For a lot of the volunteers on the train it’s exactly this infatuation with preserving old steam engines that motivates them to be a part of this project. Reggie Diedericks, a coach controller and volunteer at the CRC, was a railway worker for 31 years and rode on the Bluetrain, the Trans Karoo and the Orange Express amongst others. "This dining cart we're sitting in used to travel between Cape Town and Bulawayo in Zimbabwe," he recalls.
Similarly Peter Elrick, also a coach controller, says he’s concerned with everything old. Peter used to work as a volunteer at the Air Force Base Ysterplaat’s museum but after taking a trip on a CRC train himself he decided to volunteer at an exhibit that’s not “static”.
Dominique Du Toit, train hostess and daughter of Derick Du Toit, says that from an aesthetic point of view the train itself is a great attraction. “If you look at the compartments, the dining car and the lounge areas, we try and keep it as authentic and true to the original as possible which is really beautiful,” says Dominique, who’s a fine arts student at UCT.
While some tourists and volunteers see the physical train as a point of interest, others see the journey as a nostalgic wonder. Jenene Hattingh, a cleaner for CRC, says the train brings back memories of her schooldays in the 1970’s when steam trains were more common in SA.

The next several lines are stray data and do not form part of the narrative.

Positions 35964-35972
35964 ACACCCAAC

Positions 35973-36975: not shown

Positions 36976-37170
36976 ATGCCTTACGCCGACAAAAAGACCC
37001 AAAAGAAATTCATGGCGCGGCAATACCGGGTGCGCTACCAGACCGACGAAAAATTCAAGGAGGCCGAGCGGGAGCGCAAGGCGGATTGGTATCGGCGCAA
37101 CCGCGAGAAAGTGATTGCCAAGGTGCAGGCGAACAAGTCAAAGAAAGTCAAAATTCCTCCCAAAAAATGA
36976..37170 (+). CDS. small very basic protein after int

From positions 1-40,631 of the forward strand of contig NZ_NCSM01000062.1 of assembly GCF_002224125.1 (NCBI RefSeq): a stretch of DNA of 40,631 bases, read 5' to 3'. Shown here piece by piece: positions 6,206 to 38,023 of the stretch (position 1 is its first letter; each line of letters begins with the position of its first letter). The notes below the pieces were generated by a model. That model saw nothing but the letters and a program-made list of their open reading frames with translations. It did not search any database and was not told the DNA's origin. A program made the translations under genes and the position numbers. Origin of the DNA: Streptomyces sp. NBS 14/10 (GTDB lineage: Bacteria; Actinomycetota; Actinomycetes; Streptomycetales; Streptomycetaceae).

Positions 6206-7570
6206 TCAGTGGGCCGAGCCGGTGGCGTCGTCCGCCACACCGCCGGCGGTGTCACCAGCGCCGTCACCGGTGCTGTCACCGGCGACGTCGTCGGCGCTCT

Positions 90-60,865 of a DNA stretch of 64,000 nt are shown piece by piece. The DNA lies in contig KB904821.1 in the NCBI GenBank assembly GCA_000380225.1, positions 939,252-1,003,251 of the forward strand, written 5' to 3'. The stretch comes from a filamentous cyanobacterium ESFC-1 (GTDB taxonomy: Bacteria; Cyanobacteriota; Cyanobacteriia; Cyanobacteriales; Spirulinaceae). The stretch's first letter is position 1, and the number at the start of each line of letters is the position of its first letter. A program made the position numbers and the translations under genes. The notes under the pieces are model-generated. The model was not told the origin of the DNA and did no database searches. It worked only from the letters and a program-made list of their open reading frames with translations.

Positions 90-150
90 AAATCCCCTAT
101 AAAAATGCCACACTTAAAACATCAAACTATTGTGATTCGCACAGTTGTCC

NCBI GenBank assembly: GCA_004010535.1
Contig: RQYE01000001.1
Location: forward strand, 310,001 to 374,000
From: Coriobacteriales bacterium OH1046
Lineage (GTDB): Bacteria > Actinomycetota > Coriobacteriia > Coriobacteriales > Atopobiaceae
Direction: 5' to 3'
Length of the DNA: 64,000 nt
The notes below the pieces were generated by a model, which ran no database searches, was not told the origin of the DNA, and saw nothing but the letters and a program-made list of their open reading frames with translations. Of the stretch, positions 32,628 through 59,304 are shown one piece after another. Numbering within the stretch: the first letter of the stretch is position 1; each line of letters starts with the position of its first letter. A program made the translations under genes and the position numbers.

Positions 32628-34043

The nostagia is a draw card for the passengers to, Louise van der Nest, a 25-year-old graphic designer and passenger on the Elgin trip, told us she remembers taking a train with her siblings from Potchefstroom to Hermanus to visit their grandmother over school holidays in the early 2000’s. Which makes us wonder – can cross-country train trips become regular holiday excursions again in South Africa?
For many of the students on the train, the prospect of being able to travel across SA by train is exciting and inspiring. Aaliyah Mogotsi, a waitress on the CRC and psychology student at UWC, says she hopes that South African tourism can improve over the next few years by giving more publicity to smaller destinations that are off-the-grid and not on the map yet. “I’ve heard Limpopo has hot springs and I would love to go visit there.”